Ireland’s foreign affairs minister has said that Russia is to move its planned military drills outside the country’s exclusive economic zone.
Simon Coveney said on Saturday he has received assurances from his Russian counterpart that the drills will not take place off the south-west coast of Ireland.
The artillery drills were to take place at the start of February in international waters, but within Irish-controlled airspace and the country’s exclusive economic zone.
The planned drills had caused considerable upset and controversy in Ireland.
Mr Coveney tweeted: “This week I wrote to my counterpart, the Minister of Defence of Russia, to request a reconsideration of naval exercises off the Irish coast.
“This evening I received a letter confirming the Russian exercises will be relocated outside of Ireland’s EEZ.
“I welcome this response.”
In a statement, the Russian ambassador to Ireland Yury Filatov said: “In response to the requests from the Irish government as well as from the Irish South and West Fish Producers Organisation, the Minister of Defence of the Russian Federation Sergey Shoigu has made a decision.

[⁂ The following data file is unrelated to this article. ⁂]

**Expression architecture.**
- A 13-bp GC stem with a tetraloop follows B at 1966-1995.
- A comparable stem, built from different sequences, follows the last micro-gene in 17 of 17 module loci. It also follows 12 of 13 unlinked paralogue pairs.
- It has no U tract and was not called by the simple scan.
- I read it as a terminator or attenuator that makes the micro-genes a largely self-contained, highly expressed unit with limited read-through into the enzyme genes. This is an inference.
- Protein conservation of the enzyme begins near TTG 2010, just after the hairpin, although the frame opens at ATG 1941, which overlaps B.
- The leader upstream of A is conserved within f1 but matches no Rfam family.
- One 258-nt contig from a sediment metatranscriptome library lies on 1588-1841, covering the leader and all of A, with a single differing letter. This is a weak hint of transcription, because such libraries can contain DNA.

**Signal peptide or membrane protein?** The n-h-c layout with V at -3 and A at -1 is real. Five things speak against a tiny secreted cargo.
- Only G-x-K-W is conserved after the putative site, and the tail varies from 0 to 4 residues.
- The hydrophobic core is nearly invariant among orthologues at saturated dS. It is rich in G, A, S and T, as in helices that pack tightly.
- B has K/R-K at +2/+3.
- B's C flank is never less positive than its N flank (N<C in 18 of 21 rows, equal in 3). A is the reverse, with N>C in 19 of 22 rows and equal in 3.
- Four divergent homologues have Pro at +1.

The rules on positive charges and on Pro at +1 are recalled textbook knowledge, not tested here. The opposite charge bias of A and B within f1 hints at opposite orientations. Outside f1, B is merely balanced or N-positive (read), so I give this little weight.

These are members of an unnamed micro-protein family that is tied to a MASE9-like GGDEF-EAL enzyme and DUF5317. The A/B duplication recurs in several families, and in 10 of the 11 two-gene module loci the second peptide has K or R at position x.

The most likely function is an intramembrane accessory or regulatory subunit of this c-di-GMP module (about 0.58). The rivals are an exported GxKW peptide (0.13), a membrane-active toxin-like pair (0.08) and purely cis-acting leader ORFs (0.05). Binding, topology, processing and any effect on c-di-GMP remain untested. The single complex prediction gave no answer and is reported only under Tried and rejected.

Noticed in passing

This week I wrote to my counterpart, the Minister of Defence of Russia, to request a reconsideration of naval exercises off the Irish coast. This evening I received a letter confirming the Russian exercises will be relocated outside of Ireland’s EEZ. I welcome this response.— Simon Coveney (@simoncoveney) January 29, 2022
“As a gesture of goodwill, to relocate the exercises by the Russian Navy, planned for February 3 to 8, outside the Irish exclusive economic zone (EEZ), with the aim not to hinder fishing activities by the Irish vessels in the traditional fishing areas.”
Irish fishermen had planned to travel to the area to disrupt the Russian naval plans in a bid to protect their fishing stock.
Representatives of the Irish fishing industry met the Russian ambassador to Ireland on Thursday, later claiming to have been a given a guarantee that their fishing grounds will not be affected by the navy exercises.
That claim was partially disputed by a spokesperson for the Russian embassy, who said it was “not true” that an agreement had been reached on “buffer zones” in the area for fishing boats.
The Department of Transport had also issued a marine notice that the Russian navy was set to carry out manoeuvres off the south-west coast of Ireland from next Thursday.
It is not known where the naval exercises will now take place.